The most common symptom of peripheral artery disease in the lower extremities is intermittent claudication. Exercise therapy benefits patients with intermittent claudication by reducing limb symptoms and improving both physical activity and quality of life. However, a number of constraining factors limit patient participation in supervised exercise programs.
Supervised exercise programs have been recommended as first-line therapies for the treatment of claudication in patients with PAD. The treatment goals are: (1) to reduce limb symptoms, (2) to improve exercise capacity and prevent or lessen physical disability, and (3) to reduce the occurrence of cardiovascular events.
Guidelines and indications for exercise therapy:
The ESC , AHA/ACC , and Trans-Atlantic Inter-Society Consensus Document on Management of Peripheral Arterial Disease (TASC II) have all declared that the evidence supporting exercise therapy in the treatment of claudication is sufficiently robust to merit a Level I recommendation.
The fundamental component of training is a supervised program of treadmill exercise . The exercise session begins with treadmill exercise at a speed and grade that induce claudication within 3 to 5 minutes. The patient is instructed to stop walking and rest when his or her claudication pain reaches a moderate level. When the claudication has abated, the patient resumes walking until moderate claudication discomfort recurs. This cycle of exercise and rest is repeated for at least 30 minutes in the first few sessions of the program. In subsequent visits, the speed or grade of the treadmill is increased if the patient is able to walk for 10 minutes or longer at a lower workload without reaching moderate claudication pain.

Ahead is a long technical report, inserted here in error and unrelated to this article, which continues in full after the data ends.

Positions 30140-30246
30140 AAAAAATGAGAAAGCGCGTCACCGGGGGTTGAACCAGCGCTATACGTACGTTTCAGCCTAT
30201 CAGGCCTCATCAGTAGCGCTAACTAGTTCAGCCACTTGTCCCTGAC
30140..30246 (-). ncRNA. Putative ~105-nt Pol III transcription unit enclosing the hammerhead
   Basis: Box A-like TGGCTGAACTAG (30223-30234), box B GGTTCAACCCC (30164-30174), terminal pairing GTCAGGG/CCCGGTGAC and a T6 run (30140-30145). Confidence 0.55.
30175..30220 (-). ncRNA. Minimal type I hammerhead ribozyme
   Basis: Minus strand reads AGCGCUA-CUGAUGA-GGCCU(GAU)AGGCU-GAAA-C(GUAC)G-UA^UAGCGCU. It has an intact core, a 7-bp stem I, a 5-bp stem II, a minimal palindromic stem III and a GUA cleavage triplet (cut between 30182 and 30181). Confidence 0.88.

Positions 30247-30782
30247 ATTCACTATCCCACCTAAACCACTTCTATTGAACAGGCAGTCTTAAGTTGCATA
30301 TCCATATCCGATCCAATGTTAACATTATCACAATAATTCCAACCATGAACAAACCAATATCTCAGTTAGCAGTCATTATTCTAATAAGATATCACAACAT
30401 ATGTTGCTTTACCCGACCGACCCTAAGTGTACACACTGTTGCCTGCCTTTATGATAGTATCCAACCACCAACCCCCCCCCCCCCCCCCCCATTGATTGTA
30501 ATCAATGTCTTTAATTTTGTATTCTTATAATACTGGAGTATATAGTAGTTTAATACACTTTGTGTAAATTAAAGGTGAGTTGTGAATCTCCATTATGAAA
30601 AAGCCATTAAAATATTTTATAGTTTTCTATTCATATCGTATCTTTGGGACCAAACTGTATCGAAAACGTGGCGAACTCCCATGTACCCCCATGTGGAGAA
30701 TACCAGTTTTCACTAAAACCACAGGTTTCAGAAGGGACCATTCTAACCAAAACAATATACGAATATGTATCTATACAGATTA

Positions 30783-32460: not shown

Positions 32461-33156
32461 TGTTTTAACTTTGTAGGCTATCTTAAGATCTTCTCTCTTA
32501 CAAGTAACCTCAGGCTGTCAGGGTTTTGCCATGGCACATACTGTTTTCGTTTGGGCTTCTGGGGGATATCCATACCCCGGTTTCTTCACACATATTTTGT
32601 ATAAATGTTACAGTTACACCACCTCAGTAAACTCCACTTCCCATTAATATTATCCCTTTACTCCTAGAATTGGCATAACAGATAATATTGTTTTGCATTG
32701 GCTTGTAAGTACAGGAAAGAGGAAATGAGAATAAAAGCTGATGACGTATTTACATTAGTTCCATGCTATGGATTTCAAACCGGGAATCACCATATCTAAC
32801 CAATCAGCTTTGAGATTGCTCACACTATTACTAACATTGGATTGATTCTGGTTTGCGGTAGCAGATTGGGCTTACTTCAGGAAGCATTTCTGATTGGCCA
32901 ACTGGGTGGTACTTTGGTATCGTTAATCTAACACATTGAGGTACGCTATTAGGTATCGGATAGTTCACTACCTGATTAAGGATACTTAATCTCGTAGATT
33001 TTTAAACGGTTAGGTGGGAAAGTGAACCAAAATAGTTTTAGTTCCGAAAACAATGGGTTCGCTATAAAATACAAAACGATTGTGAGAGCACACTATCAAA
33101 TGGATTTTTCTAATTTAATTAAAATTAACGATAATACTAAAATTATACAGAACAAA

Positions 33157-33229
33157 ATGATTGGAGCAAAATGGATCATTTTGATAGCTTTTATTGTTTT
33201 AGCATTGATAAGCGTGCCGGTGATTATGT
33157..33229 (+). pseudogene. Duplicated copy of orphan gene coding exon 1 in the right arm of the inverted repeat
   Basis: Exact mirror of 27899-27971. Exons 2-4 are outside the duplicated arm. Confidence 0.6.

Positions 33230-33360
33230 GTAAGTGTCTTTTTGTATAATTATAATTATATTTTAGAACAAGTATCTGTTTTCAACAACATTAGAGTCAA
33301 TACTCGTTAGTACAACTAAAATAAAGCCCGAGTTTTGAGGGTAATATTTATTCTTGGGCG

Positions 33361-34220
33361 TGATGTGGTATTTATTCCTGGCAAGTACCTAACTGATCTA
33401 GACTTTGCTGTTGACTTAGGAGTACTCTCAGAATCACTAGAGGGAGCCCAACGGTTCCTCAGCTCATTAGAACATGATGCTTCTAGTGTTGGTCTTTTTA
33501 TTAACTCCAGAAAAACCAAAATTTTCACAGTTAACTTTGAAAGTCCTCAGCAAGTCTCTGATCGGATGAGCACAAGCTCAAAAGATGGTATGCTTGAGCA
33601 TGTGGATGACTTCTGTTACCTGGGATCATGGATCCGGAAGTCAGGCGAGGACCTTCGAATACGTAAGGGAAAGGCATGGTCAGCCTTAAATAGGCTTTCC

The duration and frequency of the exercise training sessions and duration of the exercise training program are important to achieve maximal benefit with training sessions: >30 minutes per session provides greater benefit than <30 minutes per session; >3 sessions per week is more effective than <3 sessions per week, and program lengths of >26 weeks are more effective than program lengths of <26 weeks. Alternatives to treadmill exercise potentially consist of various forms of lower extremity exercise alone or in combination (brisk walking, bicycle ergometer, and strength training). However, the outcomes of treadmill exercise have so far been found to be superior to the outcomes of several other lower extremity exercises, namely cycling, stair climbing, and static and dynamic leg exercises.
While home exercise (unsupervised) programs can be modified or supplemented to improve their effectiveness, structured, supervised exercise programs generally have superior outcomes compared to unsupervised programs. A few studies have demonstrated that patients completing home- based exercise programs were able to improve both their initial claudication distance and absolute claudication distance.
Type 2 diabetes is the most common form of diabetes and can lead tomany complications. Reduction of HgA1c is shown to decrease complications. Bothaerobic exercise and resistance exercise have been shown to reduce HgA1c, but it is unclear if one method is better than the otherat reducing HbA1c.
Exercising at least 150 minutes a week has been recommended for those with impaired glucose tolerance and can result in a reduction in HbA1c. advice on physical activity, when combined with dietary counsel, can lead patients toward a decrease in HbA1c. Aerobic exercise was believed to be the best way to reduce HbA1c. However, a systematic review suggests that resistance training is also a reasonable option for reduction in HbA1c in type 2 diabetic patients. Studies have shown that a combination of aerobic and resistance training may be more beneficial than either alone. It has been proven that both aerobic exercise and resistance exercise can be used to reduce HbA1c in type 2 diabetics, but is one type of exercise better than the other? No distinction need be made on which type of exercise should be done by type 2 diabetics to reduce HbA1c. Combined exercise might be a better option than either alone. More studies need to be done on exercise intensity to determine if there is a link between intensity and reduction of HbA1c.For now the recommendation should remain to exercise at least 150 minutes a week regardless of the type of exercise.